What materials can I use to build my raised garden bed?
The design and construction of a raised garden bed is in itself a really simple thing, after all, all we are really building is a retainer for your garden bed. Many vegetable gardeners who use more traditional methods build up their soil into humps or mounds to assist drainage and a raised garden bed simply takes this a step further by creating a retaining wall around the garden soil to prevent its loss.
This retaining wall can be constructed from any number of materials and you can choose to use anything at all that is freely available providing it is inert and will not leach any dangerous substances into your soil that can taint the taste of your crops or make them toxic. A prime example of this is pine that has been treated with CCA (Chromated Copper Arsenateor), a commonly used toxic chemical that was widely used in the past to treat timber that was then subsequently used for many purposes including children playground equipment and frames for raised garden beds. There are concerns that CCA may be leached into the garden soil from the timber and can be absorbed by your plants. This makes wood that has been subject to this treatment a questionable choice, particularly since a common objective of home vegetable gardeners is to cultivate chemical free produce.
Wood is by far the most common material used to create the frame for a raised garden bed as it is fairly cheap, long lasting and strong. It is not necessary to use new timber, second hand materials are perfectly fine as long as you bear in mind the previous paragraph about treatments that have the potential to leach into the soil and taint your produce. If you have a doubt as to the safety of a particular source of timber it may be wise to simply use something else. One of the most impressive raised garden bed vegetable patches I have seen was constructed using second hand railway sleepers supported by short wooden stakes at intervals on the outside of the garden bed to stop the sleepers from collapsing outwards under the weight of the soil they contained. This particular complex of five or so raised garden beds impressed me by the size of the beds and the fact that the frames were laid out during the space of a morning without a single nail or screw. The stakes were simply driven into the ground with a hammer. When selecting wood for your frame try to use hardwood rather than softwood as it will last much longer.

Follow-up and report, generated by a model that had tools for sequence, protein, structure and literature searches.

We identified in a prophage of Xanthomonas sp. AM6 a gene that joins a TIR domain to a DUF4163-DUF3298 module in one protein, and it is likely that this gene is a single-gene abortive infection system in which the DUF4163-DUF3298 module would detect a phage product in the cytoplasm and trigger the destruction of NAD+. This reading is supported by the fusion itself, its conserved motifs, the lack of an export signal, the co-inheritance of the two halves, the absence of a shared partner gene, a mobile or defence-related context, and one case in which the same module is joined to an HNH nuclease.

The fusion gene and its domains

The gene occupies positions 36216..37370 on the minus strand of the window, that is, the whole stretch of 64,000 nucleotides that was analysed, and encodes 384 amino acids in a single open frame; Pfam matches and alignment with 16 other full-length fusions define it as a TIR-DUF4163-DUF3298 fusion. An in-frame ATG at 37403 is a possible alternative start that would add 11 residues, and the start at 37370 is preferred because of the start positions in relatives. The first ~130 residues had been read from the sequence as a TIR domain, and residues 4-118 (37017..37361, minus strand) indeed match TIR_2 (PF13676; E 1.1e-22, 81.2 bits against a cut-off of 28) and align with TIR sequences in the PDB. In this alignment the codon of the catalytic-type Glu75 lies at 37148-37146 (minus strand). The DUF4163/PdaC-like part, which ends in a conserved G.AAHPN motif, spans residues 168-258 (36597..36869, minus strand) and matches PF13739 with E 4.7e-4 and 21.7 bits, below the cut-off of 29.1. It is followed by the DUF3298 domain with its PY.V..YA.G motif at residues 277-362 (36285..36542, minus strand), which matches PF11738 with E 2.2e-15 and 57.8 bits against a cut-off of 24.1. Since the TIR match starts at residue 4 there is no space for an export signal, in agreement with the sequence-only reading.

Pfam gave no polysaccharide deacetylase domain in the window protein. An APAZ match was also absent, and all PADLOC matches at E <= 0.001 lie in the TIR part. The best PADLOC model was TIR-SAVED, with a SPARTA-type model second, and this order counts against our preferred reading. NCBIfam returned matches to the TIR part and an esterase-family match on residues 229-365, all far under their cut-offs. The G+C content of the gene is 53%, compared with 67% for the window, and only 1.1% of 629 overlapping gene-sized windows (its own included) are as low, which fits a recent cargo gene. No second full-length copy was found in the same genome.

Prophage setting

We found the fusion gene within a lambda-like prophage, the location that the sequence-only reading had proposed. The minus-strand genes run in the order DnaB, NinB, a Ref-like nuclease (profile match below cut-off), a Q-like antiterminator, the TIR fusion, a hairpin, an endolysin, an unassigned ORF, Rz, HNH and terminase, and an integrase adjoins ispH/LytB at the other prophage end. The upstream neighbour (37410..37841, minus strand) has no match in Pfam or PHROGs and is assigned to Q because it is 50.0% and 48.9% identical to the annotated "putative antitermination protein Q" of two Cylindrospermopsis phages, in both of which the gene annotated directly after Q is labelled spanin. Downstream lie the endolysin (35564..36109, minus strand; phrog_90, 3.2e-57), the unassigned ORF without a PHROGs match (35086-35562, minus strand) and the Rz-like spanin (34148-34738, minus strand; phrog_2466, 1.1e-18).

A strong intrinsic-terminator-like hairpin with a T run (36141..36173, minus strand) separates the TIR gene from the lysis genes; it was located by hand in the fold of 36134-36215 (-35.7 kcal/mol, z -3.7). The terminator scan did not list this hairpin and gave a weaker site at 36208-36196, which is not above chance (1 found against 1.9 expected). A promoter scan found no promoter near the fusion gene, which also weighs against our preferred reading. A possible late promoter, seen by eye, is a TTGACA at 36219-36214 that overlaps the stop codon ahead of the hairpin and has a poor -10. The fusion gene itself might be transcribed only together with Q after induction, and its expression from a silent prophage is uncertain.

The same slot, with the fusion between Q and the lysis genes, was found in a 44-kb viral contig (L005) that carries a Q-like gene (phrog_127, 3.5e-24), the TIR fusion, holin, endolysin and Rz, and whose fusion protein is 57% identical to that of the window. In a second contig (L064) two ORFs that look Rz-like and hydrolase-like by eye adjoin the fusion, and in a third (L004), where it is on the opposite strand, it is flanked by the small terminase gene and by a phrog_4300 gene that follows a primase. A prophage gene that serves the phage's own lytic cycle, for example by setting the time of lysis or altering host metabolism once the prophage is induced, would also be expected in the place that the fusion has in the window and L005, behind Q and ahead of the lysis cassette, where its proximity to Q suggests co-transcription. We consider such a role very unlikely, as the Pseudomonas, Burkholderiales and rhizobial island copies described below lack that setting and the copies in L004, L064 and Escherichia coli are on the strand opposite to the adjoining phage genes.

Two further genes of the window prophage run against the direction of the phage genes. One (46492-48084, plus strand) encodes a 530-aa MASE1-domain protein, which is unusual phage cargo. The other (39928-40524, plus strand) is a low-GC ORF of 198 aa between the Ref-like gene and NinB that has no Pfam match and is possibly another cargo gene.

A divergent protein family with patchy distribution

Making Use of Wood or Concrete Blocks
Although wood may be a more traditional choice for building a raised garden bed I have also seen concrete blocks used with good effect. When placed in a single row concrete blocks need not be cemented and will provide a good strong retaining wall. If I was ever required to build a raised garden bed that was waist high, which can be very suitable for elderly or infirm gardeners, I would prefer cemented concrete blocks over wood as I feel that this would provide a stronger and longer lasting frame. Similarly, bricks can be used instead of concrete blocks either cemented or simply laid in place however bricks are lighter and can be displaced easily if turning soil over or adding compost, manures and such so joining the bricks together with cement seems to be a better proposition under these circumstances.
When compared to the price of a wooden frame concrete blocks or bricks are generally a more expensive option but the wood will eventually rot and those seeking a very long term solution may find the “bricks and mortar” to be the better choice. I prefer a wooden frame because I feel it provides a more natural appearance which I find pleasing.
Natural Stone or Rocks
You might also consider using natural stone or rocks to construct your garden bed frame but cement tends to be necessary to plug the wide gaps that are caused by the irregular shapes that natural stone or rock comes in. As the saying goes, there are no straight lines in nature and finding a combination of rocks that fit together perfectly is nearly impossible.
Many hardware and garden shops stock raised garden bed kits which compare favorably in price to buying the materials and constructing the frame from scratch. One such kit that has caught my eye recently uses sheets of curved galvanized iron and is available in either 12 inch or waist height. The waist high version is a couple of hundred dollars and is something of an investment but when assembled even a die hard fan of wooden frames such as myself had to admit that they were very attractive and would look good in any garden, with a range of choices from bright and gaudy to subtle earth colors.
There are many other choices for material to use for your garden bed frame, some more natural appearing and some easier to work with than others. Whatever you choose, make sure it is a material that is friendly to the environment, enhances the appearance of your garden and surrounds and is one that you are comfortable working with.